EVALUATING BCG’S REPORT: UNDERSTANDING THE IMPACTS OF AB32

The Western States Petroleum Association (WSPA), the Rockefeller Brothers Fund, and the Alliance of Automobile Manufacturers contracted with the Policy Institute to facilitate an expert evaluation of the report “Understanding the Impacts of AB32” and the subsequent analysis “BCG and CARB LCFS Models: Review of impact of assumptions in three different areas”. These original reports were funded by WSPA and produced by the Boston Consulting Group (BCG).

The stated scope and goals of the BCG report are as follows:

“We analyzed the likely impact of AB32 fuels policies on emissions and refining economics using proprietary BCG models. We then developed a framework to assess how these changes are likely to impact California’s economy along key dimensions including employment, government revenues, and GHG emissions.”

LCFS review drubs oil industry report: top 10 quotes

If you have been following events in California, oil refiners have been waging a well-funded war on California’s Low Carbon Fuel Standard, which requires oil companies to reduce the carbon pollution from gasoline and diesel by 10 percent by 2020.

Centerpiece in their strategy was a June 2012 report from Boston Consulting Group (funded by the Western States Petroleum Association) that concluded that a full and continued implementation of the LCFS would leave refiners “no other option but to refuse to supply the United State’s largest transportation fuels market or to simply shut-down.”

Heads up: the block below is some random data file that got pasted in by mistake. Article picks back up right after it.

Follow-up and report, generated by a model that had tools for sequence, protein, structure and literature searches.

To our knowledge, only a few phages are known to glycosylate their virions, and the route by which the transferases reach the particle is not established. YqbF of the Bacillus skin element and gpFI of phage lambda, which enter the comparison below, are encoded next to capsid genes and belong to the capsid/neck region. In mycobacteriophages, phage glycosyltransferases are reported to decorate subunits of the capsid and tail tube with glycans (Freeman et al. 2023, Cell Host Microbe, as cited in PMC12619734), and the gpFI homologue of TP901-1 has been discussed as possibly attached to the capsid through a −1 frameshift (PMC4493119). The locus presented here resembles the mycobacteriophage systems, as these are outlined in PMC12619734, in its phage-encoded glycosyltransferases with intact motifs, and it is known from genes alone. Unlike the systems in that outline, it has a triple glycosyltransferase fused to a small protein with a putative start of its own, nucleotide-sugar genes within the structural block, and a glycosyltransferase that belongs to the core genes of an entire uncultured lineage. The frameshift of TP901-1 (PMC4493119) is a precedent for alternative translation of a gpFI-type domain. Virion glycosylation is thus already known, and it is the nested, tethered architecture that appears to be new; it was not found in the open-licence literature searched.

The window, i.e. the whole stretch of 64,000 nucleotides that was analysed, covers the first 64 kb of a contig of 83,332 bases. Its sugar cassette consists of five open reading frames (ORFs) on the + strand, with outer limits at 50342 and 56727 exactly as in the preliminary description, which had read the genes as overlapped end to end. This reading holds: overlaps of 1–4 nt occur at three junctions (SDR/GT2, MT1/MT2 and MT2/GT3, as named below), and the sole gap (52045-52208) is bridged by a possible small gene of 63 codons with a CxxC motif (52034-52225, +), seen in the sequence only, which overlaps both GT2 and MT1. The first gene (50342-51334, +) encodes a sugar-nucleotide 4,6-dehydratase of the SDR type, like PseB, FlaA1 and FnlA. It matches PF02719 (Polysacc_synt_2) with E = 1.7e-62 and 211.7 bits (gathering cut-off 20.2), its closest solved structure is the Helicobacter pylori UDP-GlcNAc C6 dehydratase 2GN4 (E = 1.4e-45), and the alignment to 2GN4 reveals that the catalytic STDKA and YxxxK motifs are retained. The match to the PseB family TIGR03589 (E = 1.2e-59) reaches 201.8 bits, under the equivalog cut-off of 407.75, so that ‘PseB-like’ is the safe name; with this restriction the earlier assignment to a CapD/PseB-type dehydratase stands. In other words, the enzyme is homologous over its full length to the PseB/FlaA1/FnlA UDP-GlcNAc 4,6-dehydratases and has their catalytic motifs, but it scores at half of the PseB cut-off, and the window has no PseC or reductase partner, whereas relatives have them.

Chevron Lobbies Against California Low-Carbon Rule

Chevron is leading a lobbying and public relations campaign to weaken California’s low-carbon fuel standard, a law the oil company once supported.

Chevron pledged in 2007, the same year California Gov. Arnold Schwarzenegger signed the low-carbon fuel standard executive order, to develop a gasoline replacement from wood, Bloomberg reports.

A year later Chevron and forest products company Weyerhauser formed a joint venture, Catchlight Energy, to research and develop technology for converting cellulose-based biomass into economical, low-carbon biofuels.

California’s Secret To Green Jobs And A Thriving Clean Economy? It’s Policy.

California has a thriving clean economy. In fact, the Golden State boasted more green jobs in clean energy and transportation last year than the other top 4 states combined, according to a new report by Environmental Entrepreneurs.

More Voices Emerge in Support of California’s Low Carbon Fuel Standard

In the past few weeks, California’s California Low Carbon Fuel Standard (LCFS) received a heavy dose of positive news: strong support from major companies to develop cleaner transportation fuel options and solid evidence to prove the standard is working.

On April 2, major business interests and non-profit organizations across the state filed four separate briefs supporting the LCFS in the state Appeals Court in Fresno. The briefs, filed in response to a letter from the court in February, say definitively that the LCFS is a necessary program for California because it creates a market signal for new, cleaner fuels and solutions that can grow California’s economy and improve air quality.